On the concrete of a former parking lot, embedded in the Marcus Garvey Apartments in Brownsville, sits Project EATS, a community-based urban farm that grows food organically and sustainably for the local community. More than a farm, the site is a hub that provides learning and economic opportunity, and aims to strengthen the bonds among local residents through art and education.
"We are trying to reconnect people through these farms and the programs we offer to, what I believe, is the very essence of all life, which is the ability to use the resources we have to create what we need," explained Linda Goode Bryant, founder and president of The Active Citizen Project, a nonprofit that serves as a catalyst for public activism and social change through art and media, and which sprouted Project EATS and its citywide network of urban farms. "We're growing nutritious, healthy quality food and we're providing it at income-appropriate prices in the neighborhoods where we farm."
Established in 2014, the site at Marcus Garvey apartments was transformed from a bleak concrete lot into a lush, financially viable urban farm. "Not an easy task," remembered Bryant.
With creativity and ingenuity, she and her team transformed the former parking lot into a half-acre farm. Serving the needs of the local community, the farm focuses on salad greens, kale, collards, callaloo and other crops that can grow all season. Twice a week, the farm opens for business, inviting the local community to purchase produce at affordable prices. To keep the farm financially self-sustaining, Project EATS also sells its goods to local restaurants and at farmers markets at slightly higher prices to subsidize the lower charges in their neighborhoods.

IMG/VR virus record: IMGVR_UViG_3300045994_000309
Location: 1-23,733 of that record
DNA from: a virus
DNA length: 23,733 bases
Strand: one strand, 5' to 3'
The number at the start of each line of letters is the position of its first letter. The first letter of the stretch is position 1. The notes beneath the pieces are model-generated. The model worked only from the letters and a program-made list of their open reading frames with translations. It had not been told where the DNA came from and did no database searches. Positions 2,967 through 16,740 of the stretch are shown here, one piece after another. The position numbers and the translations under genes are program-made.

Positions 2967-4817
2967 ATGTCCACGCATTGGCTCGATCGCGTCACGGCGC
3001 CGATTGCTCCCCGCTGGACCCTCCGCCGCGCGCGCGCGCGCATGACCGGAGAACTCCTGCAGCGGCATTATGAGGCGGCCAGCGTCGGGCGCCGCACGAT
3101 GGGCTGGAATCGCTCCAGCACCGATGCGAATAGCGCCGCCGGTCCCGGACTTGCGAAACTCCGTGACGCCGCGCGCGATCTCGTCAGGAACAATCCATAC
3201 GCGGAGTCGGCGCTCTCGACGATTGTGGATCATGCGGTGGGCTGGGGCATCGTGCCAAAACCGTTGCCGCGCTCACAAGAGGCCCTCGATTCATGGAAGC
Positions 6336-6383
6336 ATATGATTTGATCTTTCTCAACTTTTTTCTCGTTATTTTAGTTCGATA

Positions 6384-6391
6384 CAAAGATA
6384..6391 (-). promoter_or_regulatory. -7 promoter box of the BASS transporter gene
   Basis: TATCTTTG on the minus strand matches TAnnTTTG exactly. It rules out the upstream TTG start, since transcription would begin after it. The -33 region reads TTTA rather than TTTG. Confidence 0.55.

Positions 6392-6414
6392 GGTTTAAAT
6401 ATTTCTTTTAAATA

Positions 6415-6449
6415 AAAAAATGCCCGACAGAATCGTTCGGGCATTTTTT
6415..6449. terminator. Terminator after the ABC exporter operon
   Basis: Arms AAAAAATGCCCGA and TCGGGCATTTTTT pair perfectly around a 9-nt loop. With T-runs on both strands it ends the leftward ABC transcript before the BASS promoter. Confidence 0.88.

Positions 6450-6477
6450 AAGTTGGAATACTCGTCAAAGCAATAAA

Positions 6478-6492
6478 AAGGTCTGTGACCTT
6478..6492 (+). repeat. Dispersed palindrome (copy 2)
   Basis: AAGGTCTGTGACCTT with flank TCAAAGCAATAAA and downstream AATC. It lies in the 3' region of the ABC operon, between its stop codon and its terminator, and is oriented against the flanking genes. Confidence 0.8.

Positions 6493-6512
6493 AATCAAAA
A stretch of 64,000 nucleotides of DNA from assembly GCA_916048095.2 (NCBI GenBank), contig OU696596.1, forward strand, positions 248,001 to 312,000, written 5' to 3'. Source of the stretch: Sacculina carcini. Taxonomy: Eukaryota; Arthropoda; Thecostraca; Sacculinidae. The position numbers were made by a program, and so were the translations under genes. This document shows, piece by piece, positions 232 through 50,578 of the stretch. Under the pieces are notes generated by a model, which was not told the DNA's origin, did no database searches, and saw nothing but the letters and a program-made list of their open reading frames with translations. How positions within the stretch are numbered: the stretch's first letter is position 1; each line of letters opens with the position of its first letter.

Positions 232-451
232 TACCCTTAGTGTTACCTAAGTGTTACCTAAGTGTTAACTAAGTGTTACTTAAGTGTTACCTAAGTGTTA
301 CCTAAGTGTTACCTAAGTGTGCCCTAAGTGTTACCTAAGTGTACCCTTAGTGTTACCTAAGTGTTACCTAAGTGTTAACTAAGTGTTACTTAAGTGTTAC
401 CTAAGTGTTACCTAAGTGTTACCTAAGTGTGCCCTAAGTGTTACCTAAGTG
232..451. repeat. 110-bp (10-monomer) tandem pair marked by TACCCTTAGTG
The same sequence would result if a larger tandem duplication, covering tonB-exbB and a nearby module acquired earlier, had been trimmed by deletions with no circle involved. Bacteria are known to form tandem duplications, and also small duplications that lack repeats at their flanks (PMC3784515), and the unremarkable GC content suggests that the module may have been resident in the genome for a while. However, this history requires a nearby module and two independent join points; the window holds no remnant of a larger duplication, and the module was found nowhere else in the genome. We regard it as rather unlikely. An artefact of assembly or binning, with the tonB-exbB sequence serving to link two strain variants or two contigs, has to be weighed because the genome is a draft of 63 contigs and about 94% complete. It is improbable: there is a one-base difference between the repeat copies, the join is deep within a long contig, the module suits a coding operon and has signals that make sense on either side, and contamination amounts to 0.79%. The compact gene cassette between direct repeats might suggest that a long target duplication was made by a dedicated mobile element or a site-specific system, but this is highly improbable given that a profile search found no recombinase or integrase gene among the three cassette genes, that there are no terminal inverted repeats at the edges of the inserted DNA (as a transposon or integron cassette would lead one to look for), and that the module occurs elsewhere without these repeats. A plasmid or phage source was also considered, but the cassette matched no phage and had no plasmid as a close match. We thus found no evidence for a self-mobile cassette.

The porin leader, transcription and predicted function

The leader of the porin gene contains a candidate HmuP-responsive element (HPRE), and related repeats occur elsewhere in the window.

Deeply rooted in the community it serves, Project EATS understands its networks of farms as hubs that offer programs and activities for the community to connect, grow and heal. The "Farmacy" initiative, a partnership with the nearby East New York Health + Hospitals medical center where Project EATS operates a 3000 -square-foot farm, aims to introduce residents to healthy food options. There, the farm stand becomes a "Farmacy' where patients can use prescriptions issued by their doctors to fill with organic produce grown right on site.
"The top three diseases that are in our society, and in particular in this neighborhood, such as diabetes, obesity and heart disease, can be modified by nutritious eating and through physically active living," said Bryant. "We're saying essentially that food is the first medicine."
However, it doesn't stop with the 'Farmacy' farm stand. "This year we're expanding the 'Farmacy' program to include workshops as well as coaching," Bryant added. "We are trying to increase the residents' consumption of nutritious healthy food right here where we grow it. If we don't have a demand here, then what is the purpose of us being here?"
Another way of engaging the community is through job trainings and internships. High school students can join Project PEAS (Project Eats After School) to develop farm skills and to land a job for the summer. Job training is also available to adults, which begins with a six-to-eight-week internship to prepare them for the farm work, and which can be followed by another training period to provide them with more specific skills.
"Change is hard. Change is just hard because we're comfortable with what we're familiar with," said Bryant."We have to support change because change is difficult."